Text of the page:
The decision

Upper Tribunal
(Immigration and Asylum Chamber) Appeal Number: IA/29159/2012


Heard at Newport
Determination Promulgated
On 20 March 2013
On 16 July 2013









For the Appellant: Mr L Takavada of Matieni & Co Immigration Services
For the Respondent: Mr K Hibbs, Home Office Presenting Officer


1. The appellant is a citizen of Zimbabwe who was born in 1973. She first entered the UK as a student on 24 January 2005 and, following a number of extensions to her leave, she was granted leave to remain until 30 April 2012. On 26 April 2012, the appellant applied for further leave to remain on the basis of her relationship with a Zimbabwe citizen, the sponsor (who was born in 1964) and who had been granted indefinite leave to remain on 5 December 2008 on the basis of family reunion with his wife. His wife had subsequently died on 26 December 2010. On 28 November 2012, the Secretary of State refused the appellant's application to extend her leave and also made a decision to remove her by way of directions under s.47 of the Immigration, Asylum and Nationality Act 2006.
2. The appellant appealed to the First-tier Tribunal. In a determination promulgated on 5 April 2013, Judge Archer dismissed the appellant's appeal. He was not satisfied that the appellant met the requirements of para 295D of the Immigration Rules (HC 395 as amended) that the appellant was entitled to further leave to remain as an unmarried partner. Although it was not contested that the parties' relationship was genuine and that the appellant met the English language requirements of the Rules, he was not satisfied that the parties had been living in a relationship akin to marriage for two years or more as required by para 295D(vi). The Judge also accepted that the appellant could not succeed under para 276ADE of the Rules based upon her private life in the UK. Further, she could not succeed under Appendix FM of the Rules on the basis that there were no "insurmountable obstacles" to the appellant and her partner continuing family life in Zimbabwe. In the result, the Judge dismissed the appeal under the Immigration Rules.
3. On 25 April 2013, the First-tier Tribunal (Judge Parkes) granted the appellant permission to appeal on the basis that the Judge had arguably erred in law in failing to consider the appellant's claim under Article 8 of the ECHR. Thus, the appeal came before me.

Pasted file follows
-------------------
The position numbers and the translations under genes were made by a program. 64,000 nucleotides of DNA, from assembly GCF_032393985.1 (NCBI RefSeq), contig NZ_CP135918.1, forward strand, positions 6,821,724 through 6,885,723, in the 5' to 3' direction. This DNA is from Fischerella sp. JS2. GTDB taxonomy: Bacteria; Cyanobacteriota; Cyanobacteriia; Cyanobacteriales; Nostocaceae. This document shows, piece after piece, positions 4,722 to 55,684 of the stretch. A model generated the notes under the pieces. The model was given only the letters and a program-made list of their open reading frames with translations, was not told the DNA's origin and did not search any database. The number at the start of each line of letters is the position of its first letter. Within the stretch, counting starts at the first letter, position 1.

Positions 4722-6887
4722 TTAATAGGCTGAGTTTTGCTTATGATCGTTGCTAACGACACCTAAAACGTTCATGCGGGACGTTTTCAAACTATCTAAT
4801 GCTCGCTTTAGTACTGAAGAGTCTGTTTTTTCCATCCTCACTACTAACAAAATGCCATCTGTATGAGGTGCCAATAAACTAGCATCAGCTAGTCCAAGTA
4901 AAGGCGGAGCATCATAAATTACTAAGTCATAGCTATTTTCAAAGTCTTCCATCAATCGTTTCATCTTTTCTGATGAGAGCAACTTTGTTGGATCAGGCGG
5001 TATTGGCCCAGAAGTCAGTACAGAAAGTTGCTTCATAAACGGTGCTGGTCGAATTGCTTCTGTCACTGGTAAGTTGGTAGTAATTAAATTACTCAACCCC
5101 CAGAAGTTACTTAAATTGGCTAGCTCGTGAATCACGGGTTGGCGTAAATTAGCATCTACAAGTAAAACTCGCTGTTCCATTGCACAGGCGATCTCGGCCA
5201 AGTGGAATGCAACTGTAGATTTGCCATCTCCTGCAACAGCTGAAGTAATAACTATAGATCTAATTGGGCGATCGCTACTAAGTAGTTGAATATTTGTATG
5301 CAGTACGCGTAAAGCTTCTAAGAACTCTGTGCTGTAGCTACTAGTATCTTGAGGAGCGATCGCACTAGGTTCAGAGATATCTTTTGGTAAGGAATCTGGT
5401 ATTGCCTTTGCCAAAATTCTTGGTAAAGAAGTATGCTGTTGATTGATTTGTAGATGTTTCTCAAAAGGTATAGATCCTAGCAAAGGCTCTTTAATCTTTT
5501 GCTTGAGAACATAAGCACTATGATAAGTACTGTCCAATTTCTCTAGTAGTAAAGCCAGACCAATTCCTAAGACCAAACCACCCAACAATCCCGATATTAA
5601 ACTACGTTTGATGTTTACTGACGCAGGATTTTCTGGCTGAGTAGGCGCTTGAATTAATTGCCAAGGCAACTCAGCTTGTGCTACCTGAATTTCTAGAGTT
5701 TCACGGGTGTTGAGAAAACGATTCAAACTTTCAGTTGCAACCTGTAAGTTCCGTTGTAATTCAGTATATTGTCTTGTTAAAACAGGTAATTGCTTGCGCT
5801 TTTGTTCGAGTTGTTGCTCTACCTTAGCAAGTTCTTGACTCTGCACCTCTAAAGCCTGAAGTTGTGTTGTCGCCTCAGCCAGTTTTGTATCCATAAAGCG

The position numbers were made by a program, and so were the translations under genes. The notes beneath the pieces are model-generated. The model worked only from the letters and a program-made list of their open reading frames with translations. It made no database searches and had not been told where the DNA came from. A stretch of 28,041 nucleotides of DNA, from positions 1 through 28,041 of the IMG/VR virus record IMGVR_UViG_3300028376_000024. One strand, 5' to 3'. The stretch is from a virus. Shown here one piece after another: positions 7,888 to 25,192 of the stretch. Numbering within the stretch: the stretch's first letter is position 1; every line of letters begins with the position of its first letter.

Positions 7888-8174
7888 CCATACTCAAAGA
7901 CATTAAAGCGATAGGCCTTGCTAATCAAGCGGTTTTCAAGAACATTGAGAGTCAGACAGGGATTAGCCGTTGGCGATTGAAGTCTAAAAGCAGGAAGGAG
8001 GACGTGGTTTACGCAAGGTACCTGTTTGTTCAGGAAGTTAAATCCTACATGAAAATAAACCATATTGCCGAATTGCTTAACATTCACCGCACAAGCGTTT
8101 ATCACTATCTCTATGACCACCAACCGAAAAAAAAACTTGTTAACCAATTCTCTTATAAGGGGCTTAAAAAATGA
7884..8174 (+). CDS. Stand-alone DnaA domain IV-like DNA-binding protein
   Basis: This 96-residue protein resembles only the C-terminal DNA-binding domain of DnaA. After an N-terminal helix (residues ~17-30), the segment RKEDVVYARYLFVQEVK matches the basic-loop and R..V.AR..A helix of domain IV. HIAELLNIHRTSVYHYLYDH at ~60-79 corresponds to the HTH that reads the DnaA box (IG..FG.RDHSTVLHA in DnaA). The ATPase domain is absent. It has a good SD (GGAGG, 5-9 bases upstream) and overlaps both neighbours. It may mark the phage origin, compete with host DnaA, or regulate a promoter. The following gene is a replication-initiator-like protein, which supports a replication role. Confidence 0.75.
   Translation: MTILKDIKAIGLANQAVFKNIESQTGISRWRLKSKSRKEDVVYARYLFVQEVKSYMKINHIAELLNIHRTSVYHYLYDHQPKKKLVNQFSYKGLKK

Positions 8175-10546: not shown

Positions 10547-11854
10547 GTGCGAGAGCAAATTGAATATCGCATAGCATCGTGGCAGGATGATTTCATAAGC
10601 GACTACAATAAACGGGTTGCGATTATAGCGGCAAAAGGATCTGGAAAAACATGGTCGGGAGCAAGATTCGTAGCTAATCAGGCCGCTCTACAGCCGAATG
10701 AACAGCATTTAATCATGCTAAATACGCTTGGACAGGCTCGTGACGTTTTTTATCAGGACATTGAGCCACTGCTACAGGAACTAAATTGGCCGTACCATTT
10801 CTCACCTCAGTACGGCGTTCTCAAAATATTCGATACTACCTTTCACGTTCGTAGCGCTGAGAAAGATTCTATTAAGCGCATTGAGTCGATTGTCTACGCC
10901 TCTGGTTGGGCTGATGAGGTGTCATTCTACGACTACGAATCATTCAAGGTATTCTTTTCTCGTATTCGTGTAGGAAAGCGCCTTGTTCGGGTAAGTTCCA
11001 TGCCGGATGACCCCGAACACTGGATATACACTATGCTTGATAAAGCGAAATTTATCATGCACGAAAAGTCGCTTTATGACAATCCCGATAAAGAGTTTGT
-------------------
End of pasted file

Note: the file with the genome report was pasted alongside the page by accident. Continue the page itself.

The Submissions
4. Mr Takavada relied on the grant of permission. He confirmed that Article 8 had been relied on in the grounds of appeal to the First-tier Tribunal and in his submission before the Judge. He submitted that the Judge had erred in law in failing to consider Article 8.
5. On behalf of the respondent, Mr Hibbs accepted that the Judge had made an error in not dealing with Article 8. However, he submitted that it was not material since the Judge was not required to consider the appellant's claim under Article 8 as he had dismissed the appeal under the new "Article 8 Rules" which fully dealt with the appellant's claim under Article 8. He relied upon the decision of the Inner House of the Court of Session in Scotland in MS v SSHD [2013] CSIH 52 at [26] where the Court of Session, had agreed with the view expressed by Sales J in R (Nagre) v SSHD [2013] EWHC 720 (Admin) at [30]. Mr Hibbs submitted, on the facts of this appeal, no panel properly directing itself could have reached the conclusion that Article 8 would be breached.
6. It is accepted by both parties that the Judge did err in law in failing to consider Article 8 of the ECHR. His reason for not considering Article 8 is set out in paragraph 1 (the second and repeated numbering "1") that because no removal directions had been issued, the appellant's human rights were not engaged. That reasoning is clearly wrong as the Court of Appeal pointed out in JM v SSHD (2006) EWCA Civ 1402. An appellant is entitled to rely upon Article 8 in an appeal against a refusal to vary (by way of extension) his or her existing leave and, when such a ground is raised, the First-tier Tribunal is required by virtue of s.86(2) of the Nationality, Immigration and Asylum Act 2002 to determine that "ground of appeal", namely whether, at the date of the hearing, the appellant's removal, in consequence of that decision would breach Article 8 of the ECHR. There is no doubt, therefore, that the Judge fell into error by not considering the appellant's claim, raised before him, under Article 8.